Ryan Petry’s Appalachian Mountains adventure
New territory. New bike. Ryan Petry sets off on a route in the Appalachian Mountains but not everything goes to plan.
I first got into riding because I could not afford a car and I wanted a way to get around. I loved the sense of freedom, adventure and thrill that my bike gave me… or so I assume. Fast forward 26 years and although my life has changed significantly since I was 5, my reasons for riding a bike have mostly stayed the same.
I’m Ryan Petry and I have the privilege of riding my bike and telling stories around this sport for a living. For the past 10 years I have been racing professionally, shifting from triathlon to endurance mountain biking. I have competed at the top level in many of the toughest 1 day mountain bike races in the country and have put together some massive adventures starting from home in Boulder, Colorado as well.
Planning an adventure on the new Neuron
When Canyon first told me about the new Neuron, they asked me if I’d want to plan an adventure to support the launch of the bike. Ummm, YES! I couldn’t help but pinch myself, what a fun opportunity.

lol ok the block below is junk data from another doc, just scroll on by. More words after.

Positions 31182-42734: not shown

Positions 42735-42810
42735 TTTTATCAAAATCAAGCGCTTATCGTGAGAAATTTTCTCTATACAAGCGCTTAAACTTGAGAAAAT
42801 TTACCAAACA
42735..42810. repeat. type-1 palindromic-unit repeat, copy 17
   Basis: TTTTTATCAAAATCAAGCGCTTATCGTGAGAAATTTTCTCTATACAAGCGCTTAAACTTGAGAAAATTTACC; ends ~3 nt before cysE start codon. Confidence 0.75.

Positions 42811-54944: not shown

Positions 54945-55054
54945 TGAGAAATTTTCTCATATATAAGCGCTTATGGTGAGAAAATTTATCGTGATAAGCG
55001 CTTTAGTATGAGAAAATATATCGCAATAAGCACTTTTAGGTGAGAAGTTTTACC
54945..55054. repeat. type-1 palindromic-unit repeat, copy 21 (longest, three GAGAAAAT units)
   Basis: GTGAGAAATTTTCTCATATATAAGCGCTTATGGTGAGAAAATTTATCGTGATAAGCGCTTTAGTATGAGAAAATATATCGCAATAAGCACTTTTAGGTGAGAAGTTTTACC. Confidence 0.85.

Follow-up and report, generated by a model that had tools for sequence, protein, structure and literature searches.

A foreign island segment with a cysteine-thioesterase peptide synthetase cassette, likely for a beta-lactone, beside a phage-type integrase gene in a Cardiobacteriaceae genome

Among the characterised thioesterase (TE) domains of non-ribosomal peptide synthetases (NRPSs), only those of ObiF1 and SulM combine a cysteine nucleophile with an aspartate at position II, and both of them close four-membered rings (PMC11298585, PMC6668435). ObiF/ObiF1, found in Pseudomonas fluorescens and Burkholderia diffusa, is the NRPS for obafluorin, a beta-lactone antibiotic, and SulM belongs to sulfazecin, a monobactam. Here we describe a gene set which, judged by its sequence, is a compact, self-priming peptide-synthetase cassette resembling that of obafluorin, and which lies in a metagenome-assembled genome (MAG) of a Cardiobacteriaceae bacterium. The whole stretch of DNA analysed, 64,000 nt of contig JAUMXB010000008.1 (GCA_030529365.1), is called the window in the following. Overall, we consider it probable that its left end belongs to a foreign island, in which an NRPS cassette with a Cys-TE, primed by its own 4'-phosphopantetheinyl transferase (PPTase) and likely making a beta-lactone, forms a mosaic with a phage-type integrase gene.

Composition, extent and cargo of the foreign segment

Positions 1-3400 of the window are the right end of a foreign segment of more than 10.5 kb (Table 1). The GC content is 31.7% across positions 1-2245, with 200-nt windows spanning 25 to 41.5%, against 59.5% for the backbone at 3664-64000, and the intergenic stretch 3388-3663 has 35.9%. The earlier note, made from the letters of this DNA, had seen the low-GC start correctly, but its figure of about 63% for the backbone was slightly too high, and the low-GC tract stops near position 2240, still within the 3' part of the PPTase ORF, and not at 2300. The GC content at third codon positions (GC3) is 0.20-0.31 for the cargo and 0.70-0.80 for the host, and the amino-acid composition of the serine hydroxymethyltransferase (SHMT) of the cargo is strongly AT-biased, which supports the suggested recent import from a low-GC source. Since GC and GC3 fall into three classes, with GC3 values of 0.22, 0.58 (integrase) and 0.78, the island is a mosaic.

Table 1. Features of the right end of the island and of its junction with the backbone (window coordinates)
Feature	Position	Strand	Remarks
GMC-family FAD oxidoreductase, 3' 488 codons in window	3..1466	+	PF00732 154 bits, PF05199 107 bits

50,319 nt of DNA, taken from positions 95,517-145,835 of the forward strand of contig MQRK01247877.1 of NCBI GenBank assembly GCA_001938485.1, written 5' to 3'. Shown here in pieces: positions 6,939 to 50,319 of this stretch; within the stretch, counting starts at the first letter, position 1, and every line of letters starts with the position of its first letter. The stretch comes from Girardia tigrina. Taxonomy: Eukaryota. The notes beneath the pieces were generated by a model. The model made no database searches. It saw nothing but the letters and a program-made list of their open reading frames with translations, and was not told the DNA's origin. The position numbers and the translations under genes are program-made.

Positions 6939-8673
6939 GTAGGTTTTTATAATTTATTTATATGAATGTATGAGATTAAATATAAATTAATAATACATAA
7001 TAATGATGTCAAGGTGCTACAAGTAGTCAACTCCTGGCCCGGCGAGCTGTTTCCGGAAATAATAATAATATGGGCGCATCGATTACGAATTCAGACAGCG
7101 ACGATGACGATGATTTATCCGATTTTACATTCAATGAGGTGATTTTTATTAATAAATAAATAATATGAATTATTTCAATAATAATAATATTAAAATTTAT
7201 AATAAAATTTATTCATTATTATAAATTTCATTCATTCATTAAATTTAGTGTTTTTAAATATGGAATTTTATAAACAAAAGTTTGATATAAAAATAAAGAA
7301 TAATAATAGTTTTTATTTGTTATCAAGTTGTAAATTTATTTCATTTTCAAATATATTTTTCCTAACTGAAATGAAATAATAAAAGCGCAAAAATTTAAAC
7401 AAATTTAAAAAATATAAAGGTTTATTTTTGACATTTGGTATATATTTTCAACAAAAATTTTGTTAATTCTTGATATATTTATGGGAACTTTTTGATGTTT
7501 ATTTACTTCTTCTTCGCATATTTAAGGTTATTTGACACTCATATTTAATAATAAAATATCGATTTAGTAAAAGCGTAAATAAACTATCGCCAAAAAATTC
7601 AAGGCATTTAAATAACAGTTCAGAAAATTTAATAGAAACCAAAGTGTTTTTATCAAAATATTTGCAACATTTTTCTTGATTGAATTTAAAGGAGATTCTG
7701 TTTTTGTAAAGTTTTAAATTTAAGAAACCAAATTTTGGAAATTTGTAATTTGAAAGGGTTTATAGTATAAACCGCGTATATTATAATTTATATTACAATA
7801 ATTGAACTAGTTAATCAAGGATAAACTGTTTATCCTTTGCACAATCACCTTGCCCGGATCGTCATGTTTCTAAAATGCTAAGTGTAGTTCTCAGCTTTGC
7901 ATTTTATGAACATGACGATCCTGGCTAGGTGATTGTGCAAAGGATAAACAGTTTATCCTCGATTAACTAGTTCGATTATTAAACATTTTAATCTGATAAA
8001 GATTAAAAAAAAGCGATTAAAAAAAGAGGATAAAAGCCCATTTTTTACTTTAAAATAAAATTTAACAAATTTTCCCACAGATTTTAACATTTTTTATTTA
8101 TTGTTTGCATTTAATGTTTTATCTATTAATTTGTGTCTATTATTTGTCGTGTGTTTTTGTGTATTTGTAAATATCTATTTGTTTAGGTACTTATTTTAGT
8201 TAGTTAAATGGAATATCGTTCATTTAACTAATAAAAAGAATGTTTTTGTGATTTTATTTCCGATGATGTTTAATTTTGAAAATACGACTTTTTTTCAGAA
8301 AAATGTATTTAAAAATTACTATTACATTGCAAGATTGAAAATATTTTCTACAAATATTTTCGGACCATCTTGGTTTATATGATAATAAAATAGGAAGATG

“If I could go anywhere with this bike, where would I want to go?”
My whole career, I’ve been focused on exploring Colorado and the states within driving distance. I had always heard about how different and fun east coast riding was, and given that it was wintertime in the US, I began looking at the southeastern states.
I have friends who have raced in the Pisgah Forest outside of Asheville, North Carolina and I remembered hearing how incredible yet technical the riding was. You see, technical riding has never been my strength. I grew up running and building my endurance. I have always shied away from the more technical races because I knew I would lose time, and frankly big drops and rock gardens scared me. I’ve worked hard at improving over the years, but I still get jealous when I see people who rode mountain bikes, dirt bikes, or BMX at an early age effortlessly handle anything the trail throws their way.